Urinary Incontinence: Questions & Answers
Q: What is urinary incontinence?
Urinary incontinence is the involuntary loss of urine at a time that is neither convenient nor socially acceptable. It may be called “lack of bladder control.” It has happened to almost everyone at one time or another, but when it happens often, it becomes a significant problem. Incontinence can cause embarrassment, poor self-esteem and social isolation.
Incontinence generally affects women, but men can also have trouble.
Q: Is incontinence a normal part of aging?
Incontinence is not a normal part of aging. Most older women are not incontinent; some young women are incontinent.
The chance of becoming incontinent does increase as we age. That’s because many of the risk factors for incontinence increase with age. These risk factors include the loss of estrogen after menopause, the development of physical and mental disabilities, the use of medications, decreased sensation in the bladder, decreased capacity of the bladder and a loss of muscle tone.
If you often leak urine, please know that it is not normal. You don’t have to accept it as part of growing older. You should seek medical help.
Q: Why do I leak urine when I cough or sneeze?
You have what we call “stress incontinence.” It happens when extra pressure is placed on the abdomen which, in turn, puts pressure on the bladder. Coughing, sneezing, laughing, lifting heavy objects, playing tennis and jumping are examples of activities that can cause stress incontinence.
Normally the bladder is held firmly in place by muscles and connective tissue in the pelvis. If these muscles are weak, extra abdominal pressure can push the bladder and urethra (bladder opening) downward, open the urethra, and cause small amounts of urine to spurt out. Stress incontinence can also happen if the sphincter (the muscle surrounding the urethra) is weak or damaged.
Stress incontinence can be cured with exercise, surgery or sometimes a combination of surgery and exercise. No medications are currently approved for treatment of stress incontinence, but several are on the horizon.
Q: I have to get up to go to the bathroom two or three times every night. Is this normal, or should I be concerned?
Frequent nighttime visits to the bathroom to urinate is called “nocturia.” Several things can cause this condition.
Some fluids, including coffee and alcohol, increase the need to urinate frequently. If you drink a lot – especially of the fluids that increase urination – you may have to go to the bathroom frequently during the night. Decreasing the amount you drink in the evening may decrease the number of times you need to go to the bathroom at night.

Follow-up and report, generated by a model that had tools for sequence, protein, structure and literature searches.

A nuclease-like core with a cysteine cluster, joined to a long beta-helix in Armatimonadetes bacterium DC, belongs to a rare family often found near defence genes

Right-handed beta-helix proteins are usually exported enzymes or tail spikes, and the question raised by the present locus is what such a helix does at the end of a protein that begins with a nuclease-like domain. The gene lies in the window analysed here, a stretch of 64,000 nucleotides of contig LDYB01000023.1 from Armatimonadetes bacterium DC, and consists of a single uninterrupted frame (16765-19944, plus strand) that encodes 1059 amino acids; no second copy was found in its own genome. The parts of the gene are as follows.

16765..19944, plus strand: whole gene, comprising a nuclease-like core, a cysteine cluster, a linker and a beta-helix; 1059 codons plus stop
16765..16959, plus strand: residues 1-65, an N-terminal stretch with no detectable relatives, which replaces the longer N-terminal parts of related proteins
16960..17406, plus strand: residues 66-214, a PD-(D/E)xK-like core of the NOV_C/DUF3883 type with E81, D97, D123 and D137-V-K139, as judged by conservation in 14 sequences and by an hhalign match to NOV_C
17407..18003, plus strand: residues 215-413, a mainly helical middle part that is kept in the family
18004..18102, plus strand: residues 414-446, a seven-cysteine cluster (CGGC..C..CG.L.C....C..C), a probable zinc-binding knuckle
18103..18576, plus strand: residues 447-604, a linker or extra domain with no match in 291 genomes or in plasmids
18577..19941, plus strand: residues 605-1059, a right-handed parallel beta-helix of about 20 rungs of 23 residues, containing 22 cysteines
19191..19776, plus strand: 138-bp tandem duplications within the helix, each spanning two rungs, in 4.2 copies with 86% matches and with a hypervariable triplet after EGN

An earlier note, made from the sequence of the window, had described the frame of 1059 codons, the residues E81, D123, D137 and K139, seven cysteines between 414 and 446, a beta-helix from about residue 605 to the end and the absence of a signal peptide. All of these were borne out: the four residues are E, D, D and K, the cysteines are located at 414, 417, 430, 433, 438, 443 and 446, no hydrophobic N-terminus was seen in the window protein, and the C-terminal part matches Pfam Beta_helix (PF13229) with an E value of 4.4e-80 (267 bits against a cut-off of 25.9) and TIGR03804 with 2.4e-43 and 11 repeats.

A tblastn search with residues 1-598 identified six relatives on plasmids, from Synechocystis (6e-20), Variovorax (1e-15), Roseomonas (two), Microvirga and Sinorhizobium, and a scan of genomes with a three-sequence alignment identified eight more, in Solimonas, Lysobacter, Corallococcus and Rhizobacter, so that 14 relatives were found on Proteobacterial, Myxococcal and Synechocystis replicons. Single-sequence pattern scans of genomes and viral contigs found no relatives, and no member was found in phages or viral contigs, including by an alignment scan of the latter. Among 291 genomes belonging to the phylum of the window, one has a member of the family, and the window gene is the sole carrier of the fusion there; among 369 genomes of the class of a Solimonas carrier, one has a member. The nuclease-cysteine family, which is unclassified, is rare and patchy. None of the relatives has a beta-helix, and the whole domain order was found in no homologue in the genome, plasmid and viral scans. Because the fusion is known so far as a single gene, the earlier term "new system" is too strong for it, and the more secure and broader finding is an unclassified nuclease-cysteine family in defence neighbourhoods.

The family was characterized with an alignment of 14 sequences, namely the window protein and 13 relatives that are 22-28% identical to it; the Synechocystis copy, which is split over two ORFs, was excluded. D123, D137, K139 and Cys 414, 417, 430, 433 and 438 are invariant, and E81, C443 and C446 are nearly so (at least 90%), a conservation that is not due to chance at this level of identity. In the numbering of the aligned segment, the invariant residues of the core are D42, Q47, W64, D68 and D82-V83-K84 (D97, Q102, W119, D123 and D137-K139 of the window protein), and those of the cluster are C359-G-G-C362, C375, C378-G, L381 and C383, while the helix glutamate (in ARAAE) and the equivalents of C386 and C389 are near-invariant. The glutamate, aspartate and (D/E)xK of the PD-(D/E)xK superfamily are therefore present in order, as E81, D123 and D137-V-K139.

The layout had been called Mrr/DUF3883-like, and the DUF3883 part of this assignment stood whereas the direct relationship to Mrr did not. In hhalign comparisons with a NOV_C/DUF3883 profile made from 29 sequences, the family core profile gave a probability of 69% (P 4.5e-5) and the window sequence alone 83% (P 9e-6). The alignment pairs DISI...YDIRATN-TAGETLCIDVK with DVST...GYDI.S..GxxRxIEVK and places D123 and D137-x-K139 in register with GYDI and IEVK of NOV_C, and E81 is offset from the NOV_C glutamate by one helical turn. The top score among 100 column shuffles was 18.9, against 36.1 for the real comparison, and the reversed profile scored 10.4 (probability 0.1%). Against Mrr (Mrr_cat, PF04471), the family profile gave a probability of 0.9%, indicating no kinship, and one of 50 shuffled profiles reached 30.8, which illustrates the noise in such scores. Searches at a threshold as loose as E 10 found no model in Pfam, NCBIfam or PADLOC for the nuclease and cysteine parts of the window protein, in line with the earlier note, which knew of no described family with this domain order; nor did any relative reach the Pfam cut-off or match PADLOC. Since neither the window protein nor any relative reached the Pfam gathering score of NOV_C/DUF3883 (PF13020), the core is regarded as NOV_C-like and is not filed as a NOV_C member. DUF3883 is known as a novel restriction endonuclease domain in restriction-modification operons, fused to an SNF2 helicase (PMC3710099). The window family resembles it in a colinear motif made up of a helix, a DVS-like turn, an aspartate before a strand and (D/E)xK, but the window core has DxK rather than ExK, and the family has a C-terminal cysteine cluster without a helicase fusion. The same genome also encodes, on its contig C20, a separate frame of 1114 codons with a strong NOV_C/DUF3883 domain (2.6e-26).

Some people have weak hearts and other conditions that cause fluid to collect in their legs and ankles during the day. When they lie down at night, the fluid from their legs and ankles moves back into their circulation, through the kidneys and into the bladder. This causes them to have to go to the bathroom during the night.
Most adults do get up to go to the bathroom once or twice a night. However, getting up more than twice a night on a regular basis is not considered normal. If you usually make more than two trips to the bathroom during the night, you should talk with your doctor about the cause and possible remedies. Nocturia can signal a serious medical condition that needs attention.
Q: Can I do anything to prevent incontinence as I age?
Research shows that obesity, smoking and weak pelvic muscles are the greatest causes of incontinence. To avoid incontinence, you should maintain a healthy weight, not smoke and strengthen the pelvic floor muscles with correct, frequent exercises.
For women, pregnancy and childbearing are also major causes of incontinence because they weaken the pelvic muscles. Women who have cesarean sections have less risk of incontinence than those who deliver their babies vaginally. Also, women who have big babies, forceps deliveries, episiotomies or tears into the rectum are more likely to develop incontinence. If you are at high risk for these situations, talk with your doctor before your baby is born. It may be appropriate to talk about having an elective cesarean section. Research does not clearly show, however, that a cesarean delivery would prevent incontinence for most women.